In Tri-State our court previously held that the owner of land abutting the highway who had given an easement for highway purposes to the county and thereafter used the land between the traveled portion of the right of way and his property line for agricultural purposes was at best a trespasser without any right.

"* * * The highway is dedicated to purposes of travel, and defendant, in his use of it for agricultural purposes, is, at best, a trespasser without any right that can be recognized in law or considered of any pecuniary value. The testimony admitted by the court's ruling might have served improperly to *630 enhance in the minds of the jury the value of the strip taken. The true question was, What was the value of the interest still retained by defendant in the strip of land taken by plaintiff, giving due weight to the consideration that it was already subject to use as a public highway? As defendant could not rightfully grow crops upon the highway, the consideration by the jury of the fact that he had been permitted to do so for a period of years was entirely immaterial and irrelevant in determining the value of his interest, and could only serve to mislead the jury. The admission of this testimony was error." Tri-State Telephone & Telegraph Co. v. Cosgriff, 19 N.D. 771, 124 N.W. 75, at 77.

Under Otter Tail, an abutting landowner retains the right to use property subject to highway easement for any purpose which does not interfere with the use for highway purposes. The Legislature has the power, within reasonable limits, to define what constitutes such interference. Our legislature has provided that injury to a highway right of way (§ 24-12-01, N.D.C.C.) or obstruction of the free use thereof by the public (§ 24-12-02, subsection 1, N.D.C.C.) constitutes such an interference.

The appellant Commissioner contends that injury or obstruction exists in this case and that therefore he is entitled to the injunction prayed for. However, in this case there is no evidence that the installation complained of constitutes an injury or obstruction in fact. The mere showing that the light post and fence were situated on the highway right of way is not proof that they obstructed or injured the highway right of way. The Commissioner's argument that a nuisance resulted from a violation of these statutes therefore also fails because of the lack of proof of injury to the right of way or obstruction of the free use of the right of way by the public.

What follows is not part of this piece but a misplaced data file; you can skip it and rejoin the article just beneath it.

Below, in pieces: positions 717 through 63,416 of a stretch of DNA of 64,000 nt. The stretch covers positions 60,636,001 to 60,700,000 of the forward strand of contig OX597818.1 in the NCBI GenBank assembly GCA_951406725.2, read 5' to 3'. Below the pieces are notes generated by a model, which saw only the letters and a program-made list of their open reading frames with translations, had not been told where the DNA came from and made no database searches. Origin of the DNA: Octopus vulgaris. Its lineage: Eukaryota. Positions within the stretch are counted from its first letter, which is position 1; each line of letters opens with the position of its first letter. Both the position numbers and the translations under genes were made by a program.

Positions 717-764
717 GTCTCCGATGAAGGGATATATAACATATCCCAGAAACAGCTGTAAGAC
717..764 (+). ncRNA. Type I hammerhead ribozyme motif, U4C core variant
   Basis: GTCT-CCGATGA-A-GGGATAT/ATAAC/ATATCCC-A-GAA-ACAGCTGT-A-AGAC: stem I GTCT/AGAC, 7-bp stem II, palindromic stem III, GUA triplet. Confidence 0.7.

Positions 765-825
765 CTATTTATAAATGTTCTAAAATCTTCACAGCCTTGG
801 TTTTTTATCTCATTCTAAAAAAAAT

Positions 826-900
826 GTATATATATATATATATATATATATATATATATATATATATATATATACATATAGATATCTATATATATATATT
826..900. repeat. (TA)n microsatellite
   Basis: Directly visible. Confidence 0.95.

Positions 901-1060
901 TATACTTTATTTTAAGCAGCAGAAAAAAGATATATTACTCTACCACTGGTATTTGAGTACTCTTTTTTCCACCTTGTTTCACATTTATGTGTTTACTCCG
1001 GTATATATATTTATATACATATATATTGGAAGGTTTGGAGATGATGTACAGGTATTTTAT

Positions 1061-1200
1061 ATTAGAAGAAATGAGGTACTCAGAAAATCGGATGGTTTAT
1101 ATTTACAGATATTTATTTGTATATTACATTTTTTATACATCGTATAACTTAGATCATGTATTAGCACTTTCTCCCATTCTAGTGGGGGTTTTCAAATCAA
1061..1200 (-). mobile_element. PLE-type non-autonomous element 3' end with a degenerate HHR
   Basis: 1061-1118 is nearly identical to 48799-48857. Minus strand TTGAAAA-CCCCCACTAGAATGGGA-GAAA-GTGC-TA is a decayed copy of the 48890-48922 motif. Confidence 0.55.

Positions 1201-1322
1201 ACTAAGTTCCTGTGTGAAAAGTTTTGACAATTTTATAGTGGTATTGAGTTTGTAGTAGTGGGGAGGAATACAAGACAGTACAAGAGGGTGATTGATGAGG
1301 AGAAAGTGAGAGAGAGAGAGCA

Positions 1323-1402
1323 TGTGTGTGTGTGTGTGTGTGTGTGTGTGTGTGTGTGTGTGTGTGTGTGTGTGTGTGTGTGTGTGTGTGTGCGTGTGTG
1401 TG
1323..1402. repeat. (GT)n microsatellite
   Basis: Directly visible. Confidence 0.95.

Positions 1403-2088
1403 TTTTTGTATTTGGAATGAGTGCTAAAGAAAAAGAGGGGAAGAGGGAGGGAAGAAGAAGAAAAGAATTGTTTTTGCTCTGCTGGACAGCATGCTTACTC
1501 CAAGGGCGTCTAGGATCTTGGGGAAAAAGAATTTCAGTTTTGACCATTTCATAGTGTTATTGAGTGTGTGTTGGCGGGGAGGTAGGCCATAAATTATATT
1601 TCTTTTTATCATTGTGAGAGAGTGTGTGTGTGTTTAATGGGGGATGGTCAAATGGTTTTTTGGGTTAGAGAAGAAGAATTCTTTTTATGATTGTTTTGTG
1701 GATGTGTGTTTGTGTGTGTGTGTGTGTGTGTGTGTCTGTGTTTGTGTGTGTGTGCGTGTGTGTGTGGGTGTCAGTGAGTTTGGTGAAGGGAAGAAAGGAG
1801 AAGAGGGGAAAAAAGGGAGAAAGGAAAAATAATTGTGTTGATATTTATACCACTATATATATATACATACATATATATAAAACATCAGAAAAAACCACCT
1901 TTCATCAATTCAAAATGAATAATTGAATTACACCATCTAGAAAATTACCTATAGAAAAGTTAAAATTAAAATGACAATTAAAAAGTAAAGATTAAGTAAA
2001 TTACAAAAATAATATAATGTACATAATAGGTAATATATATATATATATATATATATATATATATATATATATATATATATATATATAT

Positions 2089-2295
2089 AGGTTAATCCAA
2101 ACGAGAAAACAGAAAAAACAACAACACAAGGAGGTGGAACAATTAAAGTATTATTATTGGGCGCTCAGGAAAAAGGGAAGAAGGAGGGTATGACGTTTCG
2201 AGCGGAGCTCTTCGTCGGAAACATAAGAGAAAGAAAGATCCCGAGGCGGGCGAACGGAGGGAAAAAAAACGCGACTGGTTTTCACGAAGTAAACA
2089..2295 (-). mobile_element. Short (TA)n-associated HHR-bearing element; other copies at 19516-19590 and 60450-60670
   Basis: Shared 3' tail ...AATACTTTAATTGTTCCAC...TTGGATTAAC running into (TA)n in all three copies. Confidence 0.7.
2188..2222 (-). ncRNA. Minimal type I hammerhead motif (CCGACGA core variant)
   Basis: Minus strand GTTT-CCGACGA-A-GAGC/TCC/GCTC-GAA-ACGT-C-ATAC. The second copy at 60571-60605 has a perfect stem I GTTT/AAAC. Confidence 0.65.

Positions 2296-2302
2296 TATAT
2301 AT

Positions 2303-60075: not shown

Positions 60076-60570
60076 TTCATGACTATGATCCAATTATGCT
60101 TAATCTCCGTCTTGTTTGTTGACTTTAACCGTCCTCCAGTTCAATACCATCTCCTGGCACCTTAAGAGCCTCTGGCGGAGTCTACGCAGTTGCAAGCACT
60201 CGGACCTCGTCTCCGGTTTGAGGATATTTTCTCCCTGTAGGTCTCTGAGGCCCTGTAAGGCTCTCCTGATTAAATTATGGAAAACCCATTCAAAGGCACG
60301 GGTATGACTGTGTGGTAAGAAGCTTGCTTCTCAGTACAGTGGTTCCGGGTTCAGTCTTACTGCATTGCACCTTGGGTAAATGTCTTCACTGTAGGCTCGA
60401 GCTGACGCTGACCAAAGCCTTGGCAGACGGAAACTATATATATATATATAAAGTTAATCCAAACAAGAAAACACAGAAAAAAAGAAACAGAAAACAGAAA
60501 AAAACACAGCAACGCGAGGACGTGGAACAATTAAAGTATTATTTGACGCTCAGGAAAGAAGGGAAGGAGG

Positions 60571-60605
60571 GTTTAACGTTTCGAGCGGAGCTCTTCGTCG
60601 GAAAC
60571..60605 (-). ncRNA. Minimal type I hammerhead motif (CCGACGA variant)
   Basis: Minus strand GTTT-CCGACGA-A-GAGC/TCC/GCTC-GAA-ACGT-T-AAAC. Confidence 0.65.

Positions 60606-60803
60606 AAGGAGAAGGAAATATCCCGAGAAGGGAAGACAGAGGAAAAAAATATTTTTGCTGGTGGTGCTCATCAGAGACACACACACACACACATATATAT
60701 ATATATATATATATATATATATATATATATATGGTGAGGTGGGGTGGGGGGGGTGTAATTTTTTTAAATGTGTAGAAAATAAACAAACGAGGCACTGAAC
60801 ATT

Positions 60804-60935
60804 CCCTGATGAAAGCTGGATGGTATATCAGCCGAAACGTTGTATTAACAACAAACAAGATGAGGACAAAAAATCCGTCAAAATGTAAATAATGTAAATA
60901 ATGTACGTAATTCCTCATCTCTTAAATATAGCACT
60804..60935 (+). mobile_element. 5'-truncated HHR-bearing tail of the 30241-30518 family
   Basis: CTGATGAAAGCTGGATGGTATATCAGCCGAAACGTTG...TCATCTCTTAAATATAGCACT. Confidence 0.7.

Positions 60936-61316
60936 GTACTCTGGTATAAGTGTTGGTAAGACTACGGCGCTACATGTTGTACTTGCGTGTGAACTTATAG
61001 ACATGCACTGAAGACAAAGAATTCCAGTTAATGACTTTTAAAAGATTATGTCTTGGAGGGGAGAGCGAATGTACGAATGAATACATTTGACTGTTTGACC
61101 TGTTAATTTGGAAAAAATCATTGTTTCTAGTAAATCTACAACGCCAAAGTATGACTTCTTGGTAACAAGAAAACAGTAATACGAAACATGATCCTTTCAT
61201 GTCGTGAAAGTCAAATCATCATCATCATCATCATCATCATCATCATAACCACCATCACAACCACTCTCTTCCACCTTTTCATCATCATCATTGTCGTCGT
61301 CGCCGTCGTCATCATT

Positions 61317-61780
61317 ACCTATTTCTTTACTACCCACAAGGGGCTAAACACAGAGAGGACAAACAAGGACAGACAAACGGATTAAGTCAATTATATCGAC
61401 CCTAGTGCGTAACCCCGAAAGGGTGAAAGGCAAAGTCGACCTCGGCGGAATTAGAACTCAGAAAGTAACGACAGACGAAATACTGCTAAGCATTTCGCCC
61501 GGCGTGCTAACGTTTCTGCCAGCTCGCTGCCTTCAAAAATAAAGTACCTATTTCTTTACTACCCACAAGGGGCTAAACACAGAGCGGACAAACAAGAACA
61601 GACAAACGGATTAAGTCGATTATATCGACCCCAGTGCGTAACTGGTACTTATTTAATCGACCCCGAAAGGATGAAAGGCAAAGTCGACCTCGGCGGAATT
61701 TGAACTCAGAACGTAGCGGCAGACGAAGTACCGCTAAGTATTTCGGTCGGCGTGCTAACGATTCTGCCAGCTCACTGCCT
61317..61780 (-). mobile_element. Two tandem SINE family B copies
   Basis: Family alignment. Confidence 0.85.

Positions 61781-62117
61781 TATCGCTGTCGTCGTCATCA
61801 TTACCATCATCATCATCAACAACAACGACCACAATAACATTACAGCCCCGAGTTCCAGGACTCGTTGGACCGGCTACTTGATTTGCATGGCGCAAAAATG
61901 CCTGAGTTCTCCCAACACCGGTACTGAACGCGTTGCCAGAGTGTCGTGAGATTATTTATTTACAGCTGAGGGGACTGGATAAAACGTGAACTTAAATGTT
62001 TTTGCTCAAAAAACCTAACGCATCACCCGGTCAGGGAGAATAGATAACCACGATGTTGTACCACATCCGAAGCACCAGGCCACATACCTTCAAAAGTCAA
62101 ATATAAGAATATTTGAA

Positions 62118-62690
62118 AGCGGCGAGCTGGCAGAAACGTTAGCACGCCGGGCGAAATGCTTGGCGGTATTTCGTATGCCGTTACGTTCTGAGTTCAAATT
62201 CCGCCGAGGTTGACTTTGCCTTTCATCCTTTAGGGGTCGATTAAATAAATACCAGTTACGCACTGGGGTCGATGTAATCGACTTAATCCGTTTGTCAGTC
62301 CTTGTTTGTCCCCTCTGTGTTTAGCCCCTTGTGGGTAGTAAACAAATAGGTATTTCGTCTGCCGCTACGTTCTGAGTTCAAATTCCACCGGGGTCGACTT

The question arises whether a nuisance existed under our statute defining "nuisance," which reads as follows:

"42-01-01. Nuisancedefinition. A nuisance consists in unlawfully doing an act or omitting to perform a duty, which act or omission: "1. Annoys, injures, or endangers the comfort, repose, health, or safety of others; "2. Offends decency; "3. Unlawfully interferes with, obstructs or tends to obstruct, or renders dangerous for passage, any lake, navigable river, bay, stream, canal, basin, public park, square, street, or highway; or "4. In any way renders other persons insecure in life or in the use of property." North Dakota Century Code.

We find no evidence to indicate the existence of a nuisance thereunder.

The injunction was therefore properly denied. Decision of the district court is affirmed.

BURKE, C. J., and TEIGEN, J., concur.

KNUDSON, J., not having been a member of the Court when the case was submitted, did not participate.